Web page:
As he walked off the field on Nov. 19, 2016, Derrick Vickers had little reason to believe he was about to embark on a 1,043-day scoring drought.

After scoring 28 touchdowns and winning a state championship in three years of varsity football at Bakersfield High School, Vickers was even more explosive in two seasons at Bakersfield College.

With the Renegades, Vickers accounted for 4,025 yards from scrimmage as a runner, receiver and return man, finding the end zone 33 times while earning First-Team All-American honors twice. He capped a 22-touchdown sophomore season with three scores — two as a receiver, one on a kick return — in his final game at BC in 2016.

Vickers was good enough to land at the University of Utah, where he expected to pick up where he left off. Instead, it would take 149 weeks before he found himself back in the place that had been most familiar to him in his time in Bakersfield.

So on Sept. 28, when Vickers, now a fifth-year senior with the Utes, finally broke through for his first Division I touchdown on a 7-yard run against Washington State, he was overcome by a feeling that never proceeded his previous trips over the goal line.

"Once I got in the end zone, I felt kind of shocked," he said. "I hadn't been there in about three years, so it was kind of a shocking moment for me. But I enjoyed it and I was excited to be back in."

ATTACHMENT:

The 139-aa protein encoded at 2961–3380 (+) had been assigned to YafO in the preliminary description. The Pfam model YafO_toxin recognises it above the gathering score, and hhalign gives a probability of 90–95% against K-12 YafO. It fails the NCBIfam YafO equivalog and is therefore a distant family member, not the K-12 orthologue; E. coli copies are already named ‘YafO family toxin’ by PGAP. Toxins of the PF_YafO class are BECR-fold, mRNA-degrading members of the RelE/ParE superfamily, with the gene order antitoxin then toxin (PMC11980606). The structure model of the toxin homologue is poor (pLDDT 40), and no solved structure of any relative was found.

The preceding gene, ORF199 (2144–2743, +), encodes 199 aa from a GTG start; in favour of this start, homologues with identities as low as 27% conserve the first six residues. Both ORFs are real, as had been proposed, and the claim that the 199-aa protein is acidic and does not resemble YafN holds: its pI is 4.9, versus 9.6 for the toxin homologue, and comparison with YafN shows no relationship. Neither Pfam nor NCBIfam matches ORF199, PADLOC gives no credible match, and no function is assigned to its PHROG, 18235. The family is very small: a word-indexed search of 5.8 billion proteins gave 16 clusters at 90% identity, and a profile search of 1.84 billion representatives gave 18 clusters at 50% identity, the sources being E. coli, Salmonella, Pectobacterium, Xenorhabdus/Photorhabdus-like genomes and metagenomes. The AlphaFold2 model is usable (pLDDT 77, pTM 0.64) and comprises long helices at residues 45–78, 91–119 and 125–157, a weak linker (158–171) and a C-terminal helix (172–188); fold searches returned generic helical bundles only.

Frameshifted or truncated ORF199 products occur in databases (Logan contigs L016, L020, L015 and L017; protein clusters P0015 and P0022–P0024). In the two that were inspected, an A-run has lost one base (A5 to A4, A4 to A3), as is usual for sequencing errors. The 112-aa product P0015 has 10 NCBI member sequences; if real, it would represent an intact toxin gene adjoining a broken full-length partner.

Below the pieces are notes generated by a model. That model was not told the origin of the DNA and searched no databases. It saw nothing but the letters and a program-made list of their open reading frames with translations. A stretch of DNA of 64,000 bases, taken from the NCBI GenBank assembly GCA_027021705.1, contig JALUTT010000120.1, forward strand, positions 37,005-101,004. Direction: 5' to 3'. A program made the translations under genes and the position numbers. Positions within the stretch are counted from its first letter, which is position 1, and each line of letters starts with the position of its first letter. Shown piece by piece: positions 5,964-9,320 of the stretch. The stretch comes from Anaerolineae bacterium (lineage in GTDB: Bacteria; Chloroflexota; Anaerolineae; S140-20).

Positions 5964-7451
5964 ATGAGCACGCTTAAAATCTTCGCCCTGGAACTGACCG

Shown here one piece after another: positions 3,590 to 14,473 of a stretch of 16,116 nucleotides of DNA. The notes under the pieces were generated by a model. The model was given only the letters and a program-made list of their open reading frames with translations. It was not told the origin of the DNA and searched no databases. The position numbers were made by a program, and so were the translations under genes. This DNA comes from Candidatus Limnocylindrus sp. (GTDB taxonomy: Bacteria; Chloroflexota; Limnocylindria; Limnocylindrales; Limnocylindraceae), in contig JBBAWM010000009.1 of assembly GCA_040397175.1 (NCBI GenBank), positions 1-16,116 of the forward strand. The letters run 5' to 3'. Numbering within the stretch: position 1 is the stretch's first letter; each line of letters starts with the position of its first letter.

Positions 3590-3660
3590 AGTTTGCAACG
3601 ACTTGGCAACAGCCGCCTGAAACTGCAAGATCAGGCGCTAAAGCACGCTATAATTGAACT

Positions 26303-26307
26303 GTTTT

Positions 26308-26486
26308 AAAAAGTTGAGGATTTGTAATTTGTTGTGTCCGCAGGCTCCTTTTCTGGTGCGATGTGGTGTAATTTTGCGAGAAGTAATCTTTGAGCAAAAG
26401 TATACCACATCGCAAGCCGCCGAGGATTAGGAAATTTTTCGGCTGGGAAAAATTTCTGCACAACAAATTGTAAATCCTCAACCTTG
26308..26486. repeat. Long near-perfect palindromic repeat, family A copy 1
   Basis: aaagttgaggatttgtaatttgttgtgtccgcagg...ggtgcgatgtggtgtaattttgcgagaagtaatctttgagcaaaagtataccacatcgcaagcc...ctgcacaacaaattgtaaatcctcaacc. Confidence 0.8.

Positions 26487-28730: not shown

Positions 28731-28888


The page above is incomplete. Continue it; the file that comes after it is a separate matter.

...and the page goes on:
And after enduring a lengthy ordeal that nearly derailed his career, Vickers is finally ready to get back to his explosive ways.

Vickers' time in Salt Lake City nearly ended before it began. He committed to the Utes in February 2017, but a knee injury sustained in his final season at Bakersfield College destroyed any hope of getting on the field that fall.

Even if he'd been healthy enough to play, a "miscalculation" with academic staff at BC left him with an incomplete transcript and ineligible to take classes at Utah, which meant he had to spend that fall out of football, rehabbing in Bakersfield.

Vickers admits he was a bit depressed to find out his dreams would be knocked off course for a year. Luckily, he had an easy source of inspiration.

"I had a son," he said. "That's kind of what inspired me to keep going along. I wanted to work every day to make sure I can take care of him."

The desire to provide for Derrick Jr., who was born to Vickers and girlfriend Ryan Gonzalez in 2015, was a great motivating force for the wideout, who was surrounded by loved ones as he rehabbed his knee and completed his associate degree in criminal justice.

Those tight family ties also made it difficult to depart the only city he'd ever called home. Aside from leaving his son and girlfriend, Vickers also left behind his mom, stepfather, four brothers and numerous other relatives he'd see every week during scheduled Sunday family dinners.

The separation became even harder during a difficult first fall in Salt Lake City. 

While he he'd overcome injuries before — his stellar 2016 season at BC came after he missed all of 2015 with a bad wrist — making the Division I jump proved taxing with a body that wasn't yet at 100 percent. As a result, Vickers was shut down after just five games that produced 78 kick return yards and no offensive touches.

"I wasn't really comfortable where I was," he said. "I couldn't get into the offense like I wanted to."